When Nigeria happens, nothing will protect you

I seem to begin a lot of my columns with anecdotes from the 1990s, and this one will be no different. It’s not formulaic, I promise – it’s just that the 90s were my childhood years and I learned a great deal of what I know now during those glorious, nostalgia-tinted years that I now remember with fondness, while most Nigerians remember them as the “Abacha stove” era. Anyway, I digress.

In 1999, shortly after the economic wilderness that was the Abacha era, there was a rich dude who died. Hardly headline news, because rich people die everyday, right? Well, here’s the thing – Victor Nnmadi Okafor was not just any rich man.

He was a man with so much wealth that he obtained the Igbo nickname “Ezego,” which literally translates as “King of Money.” At the age of 35, Victor Ezego had everything most red-blooded Nigerian men aspire to – successful business chains, an eye-popping fleet of cars, various comely damsels warming his bed, reportedly over 70 houses across Nigeria, and generally a lifestyle that could only be described as “violently opulent.”

And then one day, there was a pothole.

For want of a nail, and all that

While celebrating Christmas in 1999, Victor decided to drive himself from Lagos to Enugu. He hardly ever drove himself, but that day he decided to do so, ostensibly to enjoy the unique dopamine rush that comes behind the wheel of an expensive car with a powerful engine – in this case a Jeep Cherokee. The car chose that day of all days to break down along the way, and he ended up having to tow it from Asaba with another car.

A few kilometres from Ihiala, disaster struck. Having driven fast into a big pothole, he apparently forgot that he was towing about 2 tons of free-rolling SUV behind him and he hit the brakes. The Jeep Cherokee – his pride and joy that he himself drove from Lagos that morning – plowed into the back of the Lexus he was in, violently launching his head into the reinforced glass windshield. A few hours later, despite his convoys best efforts, the “King of Money” was dead. What killed him? An incurable genetic disease? A destructive war? A powerful business rival? None of those things – just a regular, unimpressive Nigerian pothole.

18 years later in June 2017, I would experience my own “pothole” moment when I sat helplessly on a sofa inside a house valued north of N500 million and watched its owner – my dad – die in front of me. The reason? The ambulance just didn’t show up in time. That’s it.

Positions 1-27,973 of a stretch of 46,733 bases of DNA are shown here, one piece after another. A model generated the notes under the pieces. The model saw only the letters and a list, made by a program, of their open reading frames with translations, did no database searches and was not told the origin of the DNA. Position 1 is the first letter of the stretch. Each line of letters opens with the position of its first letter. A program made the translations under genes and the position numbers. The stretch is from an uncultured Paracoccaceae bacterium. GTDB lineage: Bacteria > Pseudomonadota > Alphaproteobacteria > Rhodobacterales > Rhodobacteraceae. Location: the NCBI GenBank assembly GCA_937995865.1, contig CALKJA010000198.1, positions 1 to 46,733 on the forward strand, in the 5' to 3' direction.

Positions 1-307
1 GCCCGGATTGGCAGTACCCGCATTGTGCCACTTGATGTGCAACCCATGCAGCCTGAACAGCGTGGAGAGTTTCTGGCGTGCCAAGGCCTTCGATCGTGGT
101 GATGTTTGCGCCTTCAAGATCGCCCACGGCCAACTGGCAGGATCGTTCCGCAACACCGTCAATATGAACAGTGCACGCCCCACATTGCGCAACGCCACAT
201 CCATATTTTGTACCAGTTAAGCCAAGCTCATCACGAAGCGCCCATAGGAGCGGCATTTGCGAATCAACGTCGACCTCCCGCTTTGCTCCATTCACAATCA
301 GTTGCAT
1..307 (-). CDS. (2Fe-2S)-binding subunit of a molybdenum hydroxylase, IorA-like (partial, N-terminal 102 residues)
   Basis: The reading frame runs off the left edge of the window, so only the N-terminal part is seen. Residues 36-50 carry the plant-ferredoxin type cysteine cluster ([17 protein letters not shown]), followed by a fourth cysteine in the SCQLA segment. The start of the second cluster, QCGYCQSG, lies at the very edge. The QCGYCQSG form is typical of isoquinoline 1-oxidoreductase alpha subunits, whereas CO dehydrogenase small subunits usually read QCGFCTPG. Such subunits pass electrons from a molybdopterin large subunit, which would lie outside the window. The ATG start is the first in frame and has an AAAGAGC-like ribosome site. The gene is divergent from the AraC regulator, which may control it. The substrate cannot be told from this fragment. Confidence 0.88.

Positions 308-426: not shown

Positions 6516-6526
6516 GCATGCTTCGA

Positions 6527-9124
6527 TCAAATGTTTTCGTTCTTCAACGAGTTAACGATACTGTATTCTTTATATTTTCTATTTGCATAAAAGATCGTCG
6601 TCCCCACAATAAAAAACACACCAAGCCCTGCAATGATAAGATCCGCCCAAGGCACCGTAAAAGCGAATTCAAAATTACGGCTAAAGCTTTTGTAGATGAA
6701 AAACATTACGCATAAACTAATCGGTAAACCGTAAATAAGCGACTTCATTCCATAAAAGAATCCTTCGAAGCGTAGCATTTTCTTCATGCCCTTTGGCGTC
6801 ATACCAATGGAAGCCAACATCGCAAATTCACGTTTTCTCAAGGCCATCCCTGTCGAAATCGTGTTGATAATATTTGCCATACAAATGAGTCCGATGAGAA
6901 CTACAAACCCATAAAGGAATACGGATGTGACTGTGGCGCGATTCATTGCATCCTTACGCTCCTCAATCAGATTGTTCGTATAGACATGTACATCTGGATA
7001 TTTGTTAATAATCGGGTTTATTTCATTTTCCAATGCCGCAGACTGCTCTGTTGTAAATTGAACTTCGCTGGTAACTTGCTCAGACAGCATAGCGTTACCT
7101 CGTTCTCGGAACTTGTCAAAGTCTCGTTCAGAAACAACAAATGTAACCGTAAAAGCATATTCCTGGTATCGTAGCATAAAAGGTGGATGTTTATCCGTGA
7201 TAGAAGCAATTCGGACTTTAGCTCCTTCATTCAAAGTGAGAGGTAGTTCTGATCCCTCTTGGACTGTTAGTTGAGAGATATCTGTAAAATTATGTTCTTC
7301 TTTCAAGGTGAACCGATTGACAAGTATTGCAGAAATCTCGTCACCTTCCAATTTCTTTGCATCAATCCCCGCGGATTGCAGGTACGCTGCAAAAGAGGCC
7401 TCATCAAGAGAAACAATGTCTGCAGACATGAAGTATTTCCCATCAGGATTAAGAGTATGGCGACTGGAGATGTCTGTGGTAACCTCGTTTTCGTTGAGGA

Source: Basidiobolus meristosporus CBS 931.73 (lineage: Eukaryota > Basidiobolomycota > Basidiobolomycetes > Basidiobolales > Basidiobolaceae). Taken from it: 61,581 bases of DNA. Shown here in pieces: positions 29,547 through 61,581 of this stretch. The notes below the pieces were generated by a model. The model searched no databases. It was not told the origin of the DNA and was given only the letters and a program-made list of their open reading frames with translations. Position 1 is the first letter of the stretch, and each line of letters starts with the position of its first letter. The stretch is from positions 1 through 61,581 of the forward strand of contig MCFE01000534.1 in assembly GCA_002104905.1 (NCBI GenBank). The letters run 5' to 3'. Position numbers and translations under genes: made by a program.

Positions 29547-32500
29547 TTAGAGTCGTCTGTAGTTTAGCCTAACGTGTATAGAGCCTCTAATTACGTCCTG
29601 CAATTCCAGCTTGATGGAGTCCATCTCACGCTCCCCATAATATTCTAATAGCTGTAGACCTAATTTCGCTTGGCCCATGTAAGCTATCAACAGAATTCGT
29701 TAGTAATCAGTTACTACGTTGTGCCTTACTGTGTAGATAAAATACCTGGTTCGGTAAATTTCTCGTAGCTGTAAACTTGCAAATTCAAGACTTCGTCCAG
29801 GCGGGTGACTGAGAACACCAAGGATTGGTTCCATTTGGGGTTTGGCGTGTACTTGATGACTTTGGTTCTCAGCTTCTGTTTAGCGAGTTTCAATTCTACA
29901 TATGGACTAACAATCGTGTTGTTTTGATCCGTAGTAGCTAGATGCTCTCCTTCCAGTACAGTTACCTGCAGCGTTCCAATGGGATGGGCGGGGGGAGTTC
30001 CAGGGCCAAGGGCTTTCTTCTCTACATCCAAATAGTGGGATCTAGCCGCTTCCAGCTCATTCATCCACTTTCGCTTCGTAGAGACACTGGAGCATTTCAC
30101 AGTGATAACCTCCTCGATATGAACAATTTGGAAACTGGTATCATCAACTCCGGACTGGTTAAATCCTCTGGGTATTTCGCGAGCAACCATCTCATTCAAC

There was no huge, dramatic event that took place. The 66-year-old man simply suffered a survivable stroke, and then the 112 ambulance service in Lagos simply didn’t show up for nearly 2 hours. When it did eventually deign to show up, it was only to examine his corpse, confirm his death and casually inform me, “We don’t carry corpses.”

For want of a smooth road, Victor Ezego died along with all that he was. For want of an ambulance, D.F. Hundeyin died on his marble living room floor. Whatever those men were or had achieved meant absolutely nothing to Nigeria – when it decides to happen to anyone, it happens with contemptuous ease that makes a total mockery of one’s achievements and attempts at self insulation. I made that realisation that day in 2017, but here we are in 2022 and it seems as though the message really has not got through yet.

Bad governance will not spare you – even if you are part of the government

Whenever I speak to old friends and school alumni who have aligned themselves with certain politicians and power structures that I personally find unconscionable, they always laugh and give me variants of the same answer – “Bros, wetin man go do?”

The reasoning is that those who wield power will do so with or without them, so instead of becoming an exiled refugee like me, they would rather quietly fall in line, kiss the ring and get something out of it for themselves.

Some of my friends have multiple garbage collection contracts in Lagos, which is apparently one of the most common rewards for displaying fealty to the Emperor of Bourdillon Road. Others have supply contracts for government agencies.

Some operate as middlemen in processes that do not require middlemen, for the sole purpose of generating “jobs for the boys” through Nigeria’s famously generous public pork barrel. After getting all this, some even go into electoral politics for the singular purpose of entrenching themselves forever into Nigeria’s public purse.

To such people, Nigeria is not a horribly governed, unsecured space going through an existential crisis, but a wonderful land of opportunity. This lot love Nigeria more than anyone reading this article, and why wouldn’t they? It’s working for them – or so they think.

The problem is that Nigeria is such a tragedy of horrors now, that anyone who thinks they have “figured it out” and can ride the growling green-white-green tiger is genuinely delusional.

I know this because my dad was one such person. He never put his hands anywhere near the public purse or compromised his ethical principles, but he thought he had figured out a system for keeping Nigeria and its uncertainties away from his family’s door.

Electricity? 35kVA Marapco diesel generator with a 1,000 litre external tank. Water? Grandiose borehole with twin underground and twin overhead tanks equipped with 2-step filtration devices. Poor security? Double-gated GRA estate security, electrified fence with 1-metre barbed wire, alarm system and halogen security lights. Poor healthcare? Go private at Eko and Reddington. Education? Same thing. And on and on and on lies that.

Then an ambulance probably didn’t have enough petrol and thus didn’t show up on time one day.

And that was that.

About Author
David Hundeyin
David Hundeyin is an award-winning journalist, writer and researcher with a background in Marketing, Politics and Business Consulting